Clinton, who helped fight for the Family and Medical Leave Act (FMLA) over staunch GOP opposition in the 1990s, has a number of worthwhile proposals to create more workplace flexibility:

  • "Hillary Clinton's national family leave initiative will set a goal of having all states adopt family leave programs by 2016. To help states reach this goal, Hillary will commit $1 billion annually in a Family Leave Innovation Fund and ramp up as states develop initiatives. The Family Leave Innovation Fund will support state-level parental leave programs across the country. The Innovation Fund will also work in partnership with states that create family leave programs by offering competitive matching grants to cover state start-up costs and a meaningful portion of program expenditures. The fund will not dictate from Washington what approach states should take. Instead, the fund would support all approaches to providing more leave to employees, including through temporary disability insurance or unemployment insurance programs, expansion of direct support programs like At Home Infant Care, or through individual and business tax credits."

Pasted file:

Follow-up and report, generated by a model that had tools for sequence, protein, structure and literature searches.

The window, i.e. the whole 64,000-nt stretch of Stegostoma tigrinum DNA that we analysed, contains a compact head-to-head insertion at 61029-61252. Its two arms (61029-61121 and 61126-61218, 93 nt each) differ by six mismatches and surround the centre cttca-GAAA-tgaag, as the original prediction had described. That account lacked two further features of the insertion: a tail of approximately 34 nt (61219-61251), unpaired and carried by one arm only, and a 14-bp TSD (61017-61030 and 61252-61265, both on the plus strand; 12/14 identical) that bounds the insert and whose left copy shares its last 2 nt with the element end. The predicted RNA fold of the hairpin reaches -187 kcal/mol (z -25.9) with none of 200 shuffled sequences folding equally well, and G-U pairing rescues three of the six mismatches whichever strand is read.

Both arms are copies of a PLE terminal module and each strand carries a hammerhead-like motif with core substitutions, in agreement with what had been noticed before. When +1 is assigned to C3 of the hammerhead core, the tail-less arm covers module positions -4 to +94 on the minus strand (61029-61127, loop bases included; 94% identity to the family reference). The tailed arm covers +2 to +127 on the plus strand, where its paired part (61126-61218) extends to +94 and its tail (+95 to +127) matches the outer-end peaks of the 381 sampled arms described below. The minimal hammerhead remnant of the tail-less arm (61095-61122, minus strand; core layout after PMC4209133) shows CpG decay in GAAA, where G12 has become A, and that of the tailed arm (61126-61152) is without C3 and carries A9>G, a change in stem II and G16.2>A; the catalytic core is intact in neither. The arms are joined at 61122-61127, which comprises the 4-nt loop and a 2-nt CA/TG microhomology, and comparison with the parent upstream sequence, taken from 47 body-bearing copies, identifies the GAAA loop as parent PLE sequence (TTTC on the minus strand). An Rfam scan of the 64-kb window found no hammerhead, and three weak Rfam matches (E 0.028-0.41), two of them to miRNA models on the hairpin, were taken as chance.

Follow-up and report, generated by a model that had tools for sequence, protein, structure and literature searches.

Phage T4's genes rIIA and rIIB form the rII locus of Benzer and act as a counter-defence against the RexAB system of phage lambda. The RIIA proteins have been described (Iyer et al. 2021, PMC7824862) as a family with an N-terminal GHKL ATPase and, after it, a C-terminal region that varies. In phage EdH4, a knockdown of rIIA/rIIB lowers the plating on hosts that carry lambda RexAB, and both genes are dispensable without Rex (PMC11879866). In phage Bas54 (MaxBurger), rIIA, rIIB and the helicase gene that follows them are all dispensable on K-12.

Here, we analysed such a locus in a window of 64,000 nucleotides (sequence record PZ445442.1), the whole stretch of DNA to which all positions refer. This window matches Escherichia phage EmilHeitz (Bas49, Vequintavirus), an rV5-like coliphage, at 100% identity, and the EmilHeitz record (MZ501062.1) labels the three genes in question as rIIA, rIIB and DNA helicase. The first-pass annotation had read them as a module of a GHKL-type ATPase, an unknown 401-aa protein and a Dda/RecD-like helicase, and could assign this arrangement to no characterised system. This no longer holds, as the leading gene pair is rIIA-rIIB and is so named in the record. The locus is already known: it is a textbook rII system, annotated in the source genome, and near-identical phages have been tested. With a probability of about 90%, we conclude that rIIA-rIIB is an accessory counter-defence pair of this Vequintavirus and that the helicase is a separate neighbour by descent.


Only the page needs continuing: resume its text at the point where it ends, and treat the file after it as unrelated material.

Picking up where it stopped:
• Expanding FMLA: The act now requires unpaid leave be offered by businesses with more than 50 employees. The problem is that a disproportionate number of low-income workers have jobs in smaller firms, so Clinton would expand the program to firms with 25 or more workers.
  • Sick days: about half of all workers in the private sector don't have access to paid sick days. Clinton would make seven sick days per year a standard in American companies.
  • Expanded child healthcare programs. This is short on specifics; Hillary says she'll "increase childcare funding through child care and development block grants" but doesn't offer numbers or say how she'll pay for it.


The good and the bad here is quite simple: These proposals are a good start but lack the specifics needed to judge whether they go far enough toward creating an economy in which balancing work and family is not a near-impossible task.